The Latest on Gluten-Free Diets

The gluten-free trend is still riding high. Is there any new research to support going without gluten? Nutrition Diva gives you the latest. 

Monica Reinagel, MS, LD/N, CNS
4-minute read
Episode #318

I recently got an email from Maria, who is studying journalism at City University London. Her assignment is to write an article on the gluten-free diet trend and she asked me to answer a series of questions on the topic. Maria's questions were astute - she'd obviously done some research before contacting me. 

Still, if I'm going to devote a couple of hours to working on someone else's homework, I figure you should at least benefit as well! So, here are my answers to Maria's questions on gluten-free diets. 

How Common Is Celiac Disease?

Q. Some experts suggest that people don’t have to have full-blown Celiac disease to have serious problems and complications from eating gluten. Is this really the case? 

A. As the gluten-free diet fad has taken hold, some proponents have suggested that gluten is harmful for everyone, while many in the medical establishment insist that gluten is only a problem for people with Celiac disease. However, patients and doctors alike have noticed that sometimes people who do not have Celiac disease feel a lot better when they eliminate gluten from their diet. These folks are said to suffer from Non-Celiac Gluten Sensitivity.

See also: What Is Gluten?


If avoiding gluten helps people feel better, that's great! But recent research suggests that - while the improvements some people feel when they eliminate wheat may be quite real - gluten may not be the culprit after all. I talked about this in more detail in my episode Is Non-Celiac Gluten Sensitivity for Real?

Q. How common are Celiac disease and/or gluten sensitivity? 

A. This is a very straight-forward question without a straight-forward answer. Celiac disease is thought to affect less than 1% of the population. The vast majority of these people don't know they have it. Ironically, though, about half of the people who think they have Celiac disease actually don't. 

We've also seen a huge increase in the number of people diagnosed with Celiac over the last several decades, leading some to wonder whether something about our modern diet is actually causing the disease. Others argue that the increase simply represents better awareness and screening.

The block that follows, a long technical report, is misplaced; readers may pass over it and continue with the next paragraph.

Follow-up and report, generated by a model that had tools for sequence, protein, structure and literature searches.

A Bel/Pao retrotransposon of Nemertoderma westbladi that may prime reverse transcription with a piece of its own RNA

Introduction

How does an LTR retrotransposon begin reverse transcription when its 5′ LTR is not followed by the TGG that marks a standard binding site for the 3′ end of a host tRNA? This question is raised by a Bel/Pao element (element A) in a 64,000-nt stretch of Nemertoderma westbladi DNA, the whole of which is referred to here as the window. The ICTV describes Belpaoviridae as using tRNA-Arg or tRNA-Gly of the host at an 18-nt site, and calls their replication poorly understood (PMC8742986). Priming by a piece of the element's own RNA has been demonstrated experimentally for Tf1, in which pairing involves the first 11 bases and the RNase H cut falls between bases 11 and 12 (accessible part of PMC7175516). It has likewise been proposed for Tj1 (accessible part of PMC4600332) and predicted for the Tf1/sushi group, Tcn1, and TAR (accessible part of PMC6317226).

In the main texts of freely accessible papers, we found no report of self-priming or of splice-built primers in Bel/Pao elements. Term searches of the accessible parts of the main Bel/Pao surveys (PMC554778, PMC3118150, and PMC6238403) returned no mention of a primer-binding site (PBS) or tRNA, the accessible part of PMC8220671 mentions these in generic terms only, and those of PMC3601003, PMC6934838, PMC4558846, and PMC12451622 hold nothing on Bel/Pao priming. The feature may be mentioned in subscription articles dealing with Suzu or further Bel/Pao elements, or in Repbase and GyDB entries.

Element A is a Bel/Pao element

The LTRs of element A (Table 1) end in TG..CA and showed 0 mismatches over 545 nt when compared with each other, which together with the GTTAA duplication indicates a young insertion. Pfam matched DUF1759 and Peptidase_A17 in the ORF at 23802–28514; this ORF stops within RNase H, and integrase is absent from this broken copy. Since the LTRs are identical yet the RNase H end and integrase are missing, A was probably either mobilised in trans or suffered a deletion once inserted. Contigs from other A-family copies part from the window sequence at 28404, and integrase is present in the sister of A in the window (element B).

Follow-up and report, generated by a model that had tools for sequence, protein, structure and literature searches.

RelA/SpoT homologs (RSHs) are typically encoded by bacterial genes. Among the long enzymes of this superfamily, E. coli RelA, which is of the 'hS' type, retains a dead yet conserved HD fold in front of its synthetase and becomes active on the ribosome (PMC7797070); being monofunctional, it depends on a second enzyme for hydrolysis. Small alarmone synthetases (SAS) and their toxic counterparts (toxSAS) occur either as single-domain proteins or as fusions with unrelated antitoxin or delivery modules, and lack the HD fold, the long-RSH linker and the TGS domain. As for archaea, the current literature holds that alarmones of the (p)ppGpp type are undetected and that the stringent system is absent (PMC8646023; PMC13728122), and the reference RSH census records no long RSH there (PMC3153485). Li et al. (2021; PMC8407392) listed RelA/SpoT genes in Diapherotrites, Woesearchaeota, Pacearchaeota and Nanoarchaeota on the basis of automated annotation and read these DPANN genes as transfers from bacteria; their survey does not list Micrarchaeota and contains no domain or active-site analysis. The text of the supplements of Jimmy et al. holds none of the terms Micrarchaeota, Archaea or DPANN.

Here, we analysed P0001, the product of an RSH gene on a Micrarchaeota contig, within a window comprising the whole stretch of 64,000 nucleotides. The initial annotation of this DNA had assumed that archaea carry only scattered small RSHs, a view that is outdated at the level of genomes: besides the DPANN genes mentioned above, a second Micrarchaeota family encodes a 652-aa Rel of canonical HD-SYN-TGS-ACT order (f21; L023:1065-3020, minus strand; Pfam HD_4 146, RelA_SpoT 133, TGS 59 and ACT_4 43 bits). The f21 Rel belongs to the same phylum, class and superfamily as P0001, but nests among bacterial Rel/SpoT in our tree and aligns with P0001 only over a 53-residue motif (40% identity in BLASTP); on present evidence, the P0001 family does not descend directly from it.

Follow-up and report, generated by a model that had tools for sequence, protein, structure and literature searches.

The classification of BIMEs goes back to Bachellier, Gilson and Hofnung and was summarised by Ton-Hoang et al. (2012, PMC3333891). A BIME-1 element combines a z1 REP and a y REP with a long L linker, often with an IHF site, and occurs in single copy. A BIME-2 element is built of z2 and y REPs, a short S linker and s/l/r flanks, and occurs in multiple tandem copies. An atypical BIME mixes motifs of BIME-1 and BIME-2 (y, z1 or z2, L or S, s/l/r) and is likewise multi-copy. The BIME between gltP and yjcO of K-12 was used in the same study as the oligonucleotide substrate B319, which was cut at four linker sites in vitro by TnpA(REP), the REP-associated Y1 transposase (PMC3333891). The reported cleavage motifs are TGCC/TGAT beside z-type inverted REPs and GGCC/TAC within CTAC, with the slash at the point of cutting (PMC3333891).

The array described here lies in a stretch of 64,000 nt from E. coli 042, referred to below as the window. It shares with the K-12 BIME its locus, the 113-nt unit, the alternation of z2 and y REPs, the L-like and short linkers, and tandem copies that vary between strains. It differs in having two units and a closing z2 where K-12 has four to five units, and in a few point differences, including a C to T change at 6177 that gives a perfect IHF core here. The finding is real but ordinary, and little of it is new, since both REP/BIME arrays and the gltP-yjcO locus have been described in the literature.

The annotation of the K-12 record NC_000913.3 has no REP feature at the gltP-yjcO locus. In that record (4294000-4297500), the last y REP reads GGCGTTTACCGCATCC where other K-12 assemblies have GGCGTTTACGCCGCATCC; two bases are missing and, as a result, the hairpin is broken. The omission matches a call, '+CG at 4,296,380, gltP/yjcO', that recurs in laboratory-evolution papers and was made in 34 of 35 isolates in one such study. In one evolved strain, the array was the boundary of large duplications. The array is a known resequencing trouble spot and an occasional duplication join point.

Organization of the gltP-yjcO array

And for every person with confirmed Celiac disease, there are 3-4 others who are convinced that they have some sort of non-celiac gluten intolerance or sensitivity - and 10 more who are avoiding gluten simply because they've heard it's bad for you.

A recent poll found that nearly 30% of Americans are now trying to reduce or avoid gluten. Many of them have no idea why - or even what gluten is. Check out these hilarious "man on the street" interviews by Kim Castle.

Q. Are gluten-free alternatives, such as gluten-free bread, cake, and pasta, healthier and better for the average person with no underlying conditions? 

A. Actually, gluten-free foods are often lower in fiber and other nutrients than their conventional counterparts. Of course, as new gluten-free products have flooded the marketplace, it's become harder to generalize.  

[True Fact: in the time it took me to work on Maria's homework assignment, I received two emailed press releases about new gluten-free product lines...]

Gluten-free or not, the ingredient list and the nutrition facts panel tells you more about the nutritional quality of a food than the "gluten-free" label.  If you have no medical reason to avoid gluten, a whole wheat pasta or bread may be nutritionally superior to its gluten-free counterpart. Keep in mind, however, that bread, pasta, and other grain-based foods aren't super nutritious to begin with - and being made from gluten-free grains doesn't change that. 

See also: The Truth About Whole Grains


As for cakes and cookies, taking out the gluten doesn't cancel out the sugar. Don't let that gluten-free health halo blind you to the truth: Whether gluten-free or not, sweet treats should be eaten in moderation. 

See also: How to Reduce Your Added Sugar Intake


About the Author

Monica Reinagel, MS, LD/N, CNS

Monica Reinagel is a board-certified licensed nutritionist, author, and the creator of one of iTunes' most highly ranked health and fitness podcasts. Her advice is regularly featured on the TODAY show, Dr. Oz, NPR, and in the nation's leading newspapers, magazines, and websites. Do you have a nutrition question? Call the Nutrition Diva listener line at 443-961-6206. Your question could be featured on the show.